It’s time to re-energize manufacturing

In the final blog post of this series, let’s take a look at ways to ensure an increase in the number of skilled workers in the manufacturing sector.

The U.S. manufacturing industry is experiencing a time of incredible growth and is considered the world’s 8th largest economy. The country is benefiting from this success, but so are the employees! Check out the most recent data from The Manufacturing Institute:


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  • Manufacturing supports 17.6 million jobs in the U.S.
  • The average U.S. manufacturing worker earns $77,506 annually, while the average for workers in other industries is significantly lower at $62,546
  • A large majority, 90%, of manufacturing workers have medical benefits

With such obvious perks for the overall economy and individuals, why are we looking at a lack of skilled workers in manufacturing, especially among women? According to a highly cited report by Deloitte and The Manufacturing Institute, in the next decade, nearly 3.5 million manufacturing jobs will likely be needed, and 2 million are expected to go unfilled due to the skills gap.

With manufacturing proven to be a successful industry, it has hit the “maturity” stage of the life cycle. It is profitable, people know about it (although perceptions are often negative and incorrect), and it has more work to be done than people to do it. For those of us in the manufacturing industry, we need to take this time to re-energize the sector so we continually go back to the growth stage, instead of moving into a decline. It’s obvious that increasing the number of skilled workers in the talent pipeline is one of the main ways we will continue this re-energized growth in manufacturing. But how do we make that happen?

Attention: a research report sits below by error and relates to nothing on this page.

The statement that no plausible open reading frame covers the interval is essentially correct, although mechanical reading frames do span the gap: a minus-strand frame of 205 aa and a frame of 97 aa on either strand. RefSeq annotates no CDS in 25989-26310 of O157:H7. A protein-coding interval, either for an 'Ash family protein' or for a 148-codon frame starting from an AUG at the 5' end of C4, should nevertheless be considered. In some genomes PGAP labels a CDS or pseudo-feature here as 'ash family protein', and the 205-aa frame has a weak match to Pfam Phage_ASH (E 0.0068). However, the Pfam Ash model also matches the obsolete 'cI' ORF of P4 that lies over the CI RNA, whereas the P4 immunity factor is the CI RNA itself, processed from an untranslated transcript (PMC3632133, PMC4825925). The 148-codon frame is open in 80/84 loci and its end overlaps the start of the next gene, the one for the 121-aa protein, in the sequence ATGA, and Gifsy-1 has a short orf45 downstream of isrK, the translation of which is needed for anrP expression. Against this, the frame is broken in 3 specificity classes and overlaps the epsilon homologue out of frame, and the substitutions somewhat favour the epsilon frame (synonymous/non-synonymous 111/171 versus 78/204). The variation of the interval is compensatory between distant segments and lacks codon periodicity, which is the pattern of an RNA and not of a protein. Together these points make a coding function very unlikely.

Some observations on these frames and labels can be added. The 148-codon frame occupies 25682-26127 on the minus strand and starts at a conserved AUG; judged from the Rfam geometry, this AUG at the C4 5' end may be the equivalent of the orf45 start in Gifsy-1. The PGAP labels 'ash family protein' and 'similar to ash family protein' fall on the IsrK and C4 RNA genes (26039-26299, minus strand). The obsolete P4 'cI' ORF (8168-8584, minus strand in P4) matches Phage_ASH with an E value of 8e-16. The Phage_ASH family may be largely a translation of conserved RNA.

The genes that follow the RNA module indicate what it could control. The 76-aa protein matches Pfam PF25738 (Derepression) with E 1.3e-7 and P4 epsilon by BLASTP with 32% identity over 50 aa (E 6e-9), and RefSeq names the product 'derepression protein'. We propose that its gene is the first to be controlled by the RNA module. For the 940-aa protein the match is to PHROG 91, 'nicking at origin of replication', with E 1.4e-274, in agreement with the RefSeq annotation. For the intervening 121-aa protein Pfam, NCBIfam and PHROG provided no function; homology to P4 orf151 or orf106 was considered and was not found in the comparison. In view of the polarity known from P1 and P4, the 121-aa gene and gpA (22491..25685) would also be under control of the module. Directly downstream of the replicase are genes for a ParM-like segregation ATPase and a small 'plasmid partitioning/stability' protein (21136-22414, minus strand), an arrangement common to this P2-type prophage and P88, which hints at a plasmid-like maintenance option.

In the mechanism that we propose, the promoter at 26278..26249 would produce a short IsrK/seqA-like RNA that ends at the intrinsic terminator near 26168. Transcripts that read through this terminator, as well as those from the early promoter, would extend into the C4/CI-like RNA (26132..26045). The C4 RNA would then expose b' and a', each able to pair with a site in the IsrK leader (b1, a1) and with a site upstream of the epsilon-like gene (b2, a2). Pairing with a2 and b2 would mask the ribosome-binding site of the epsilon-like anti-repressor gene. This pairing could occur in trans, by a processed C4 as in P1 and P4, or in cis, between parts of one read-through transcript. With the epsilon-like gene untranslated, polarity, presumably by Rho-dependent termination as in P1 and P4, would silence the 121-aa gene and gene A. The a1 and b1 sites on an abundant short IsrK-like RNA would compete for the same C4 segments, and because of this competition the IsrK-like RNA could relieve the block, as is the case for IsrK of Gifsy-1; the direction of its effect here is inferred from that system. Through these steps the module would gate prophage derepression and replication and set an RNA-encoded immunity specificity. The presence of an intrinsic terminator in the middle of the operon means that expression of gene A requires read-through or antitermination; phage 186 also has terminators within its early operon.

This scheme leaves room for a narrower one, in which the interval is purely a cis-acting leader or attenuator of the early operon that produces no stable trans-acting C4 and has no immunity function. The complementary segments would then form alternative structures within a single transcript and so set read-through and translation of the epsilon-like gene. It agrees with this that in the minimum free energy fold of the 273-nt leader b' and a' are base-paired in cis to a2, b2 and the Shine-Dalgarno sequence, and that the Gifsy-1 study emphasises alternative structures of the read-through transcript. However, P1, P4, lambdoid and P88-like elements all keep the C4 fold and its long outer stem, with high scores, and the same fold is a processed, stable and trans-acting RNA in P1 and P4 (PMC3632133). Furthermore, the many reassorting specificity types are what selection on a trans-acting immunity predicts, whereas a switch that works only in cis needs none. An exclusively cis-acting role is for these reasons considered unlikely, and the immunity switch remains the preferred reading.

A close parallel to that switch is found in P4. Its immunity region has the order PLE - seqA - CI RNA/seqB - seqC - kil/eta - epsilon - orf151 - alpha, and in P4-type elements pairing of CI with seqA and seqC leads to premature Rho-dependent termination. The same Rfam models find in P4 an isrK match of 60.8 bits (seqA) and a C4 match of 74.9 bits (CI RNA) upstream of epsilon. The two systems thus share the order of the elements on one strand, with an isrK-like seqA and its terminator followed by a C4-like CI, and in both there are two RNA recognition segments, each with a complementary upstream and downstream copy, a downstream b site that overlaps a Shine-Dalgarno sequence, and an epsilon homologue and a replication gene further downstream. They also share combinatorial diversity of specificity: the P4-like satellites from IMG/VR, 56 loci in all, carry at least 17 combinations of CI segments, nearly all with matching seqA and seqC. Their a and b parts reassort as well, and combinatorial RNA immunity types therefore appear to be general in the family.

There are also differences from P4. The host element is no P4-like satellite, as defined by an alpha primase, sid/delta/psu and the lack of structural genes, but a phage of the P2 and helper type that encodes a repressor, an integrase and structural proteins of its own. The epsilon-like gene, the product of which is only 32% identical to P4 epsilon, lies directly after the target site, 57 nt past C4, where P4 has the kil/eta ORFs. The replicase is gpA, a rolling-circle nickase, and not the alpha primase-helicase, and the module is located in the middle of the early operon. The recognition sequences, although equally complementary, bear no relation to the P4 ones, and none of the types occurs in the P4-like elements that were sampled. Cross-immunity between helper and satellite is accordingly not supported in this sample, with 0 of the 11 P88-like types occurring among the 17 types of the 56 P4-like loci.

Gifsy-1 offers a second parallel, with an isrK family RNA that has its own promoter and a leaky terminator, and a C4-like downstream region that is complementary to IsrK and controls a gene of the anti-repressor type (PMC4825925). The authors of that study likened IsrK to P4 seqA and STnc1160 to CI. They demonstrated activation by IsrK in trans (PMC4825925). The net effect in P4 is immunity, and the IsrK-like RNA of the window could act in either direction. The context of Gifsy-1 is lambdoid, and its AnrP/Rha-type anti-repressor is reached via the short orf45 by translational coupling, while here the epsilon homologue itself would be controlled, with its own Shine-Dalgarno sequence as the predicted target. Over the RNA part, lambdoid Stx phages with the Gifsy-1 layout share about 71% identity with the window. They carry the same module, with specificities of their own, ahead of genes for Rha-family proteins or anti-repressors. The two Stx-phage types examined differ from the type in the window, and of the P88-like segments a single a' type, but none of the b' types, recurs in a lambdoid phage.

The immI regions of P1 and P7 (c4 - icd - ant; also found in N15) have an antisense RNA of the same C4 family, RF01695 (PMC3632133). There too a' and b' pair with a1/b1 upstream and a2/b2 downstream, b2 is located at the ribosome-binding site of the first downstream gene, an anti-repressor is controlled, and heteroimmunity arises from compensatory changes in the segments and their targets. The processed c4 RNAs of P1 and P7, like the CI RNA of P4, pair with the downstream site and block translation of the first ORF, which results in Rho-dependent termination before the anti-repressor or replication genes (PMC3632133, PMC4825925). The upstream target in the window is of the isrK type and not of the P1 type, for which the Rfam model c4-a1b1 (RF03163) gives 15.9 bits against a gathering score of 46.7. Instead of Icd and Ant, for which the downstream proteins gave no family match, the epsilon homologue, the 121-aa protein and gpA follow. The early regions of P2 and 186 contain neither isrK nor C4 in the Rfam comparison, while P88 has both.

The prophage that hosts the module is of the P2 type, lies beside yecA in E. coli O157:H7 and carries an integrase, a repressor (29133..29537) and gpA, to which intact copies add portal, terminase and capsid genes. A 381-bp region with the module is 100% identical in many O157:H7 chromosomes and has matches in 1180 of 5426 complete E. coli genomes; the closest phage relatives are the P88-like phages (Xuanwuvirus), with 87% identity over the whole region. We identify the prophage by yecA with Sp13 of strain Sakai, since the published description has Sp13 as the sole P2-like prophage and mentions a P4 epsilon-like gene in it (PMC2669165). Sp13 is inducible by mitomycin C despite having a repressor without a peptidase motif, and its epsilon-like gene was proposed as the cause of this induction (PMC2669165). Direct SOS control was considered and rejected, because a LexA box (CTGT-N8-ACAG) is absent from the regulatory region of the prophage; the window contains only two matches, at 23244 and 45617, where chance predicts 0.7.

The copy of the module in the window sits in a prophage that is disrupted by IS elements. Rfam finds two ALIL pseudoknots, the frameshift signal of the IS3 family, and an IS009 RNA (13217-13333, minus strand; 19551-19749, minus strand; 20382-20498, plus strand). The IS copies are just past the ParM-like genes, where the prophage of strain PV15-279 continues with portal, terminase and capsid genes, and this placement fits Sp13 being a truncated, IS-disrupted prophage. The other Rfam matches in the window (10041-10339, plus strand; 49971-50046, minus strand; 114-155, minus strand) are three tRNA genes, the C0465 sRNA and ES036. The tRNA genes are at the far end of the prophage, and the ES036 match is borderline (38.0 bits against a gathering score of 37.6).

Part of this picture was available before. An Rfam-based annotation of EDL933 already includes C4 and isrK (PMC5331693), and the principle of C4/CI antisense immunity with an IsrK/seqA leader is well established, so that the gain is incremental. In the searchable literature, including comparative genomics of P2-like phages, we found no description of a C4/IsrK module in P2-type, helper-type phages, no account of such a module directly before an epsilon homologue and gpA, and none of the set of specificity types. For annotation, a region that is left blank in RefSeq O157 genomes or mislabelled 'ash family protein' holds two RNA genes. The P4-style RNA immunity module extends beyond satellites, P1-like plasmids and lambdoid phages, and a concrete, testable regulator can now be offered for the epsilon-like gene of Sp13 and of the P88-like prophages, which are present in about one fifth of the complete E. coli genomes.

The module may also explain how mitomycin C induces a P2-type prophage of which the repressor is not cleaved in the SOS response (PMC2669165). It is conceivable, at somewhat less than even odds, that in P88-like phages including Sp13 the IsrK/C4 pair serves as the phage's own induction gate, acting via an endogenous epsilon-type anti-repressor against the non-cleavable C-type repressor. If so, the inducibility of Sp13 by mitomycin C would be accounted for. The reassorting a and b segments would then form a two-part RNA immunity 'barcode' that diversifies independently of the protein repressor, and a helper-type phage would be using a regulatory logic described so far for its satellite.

STEM Education + Female Role Models

I’ve covered this in detail in another blog post, but it bears mentioning here as well. In the 2015 public perception report by Deloitte and The Manufacturing Institute, Americans are reluctant to choose careers in manufacturing, and thus, they aren’t encouraging the next generation to pursue these jobs either. Millennials (ages 19-33) showed the lowest likelihood for ranking manufacturing as their first career choice. However, most of these respondents had no personal experience or familiarity with manufacturing. For those who did, they ranked manufacturing as their third most popular career choice out of 7 industries, as opposed to the overall 5th ranking.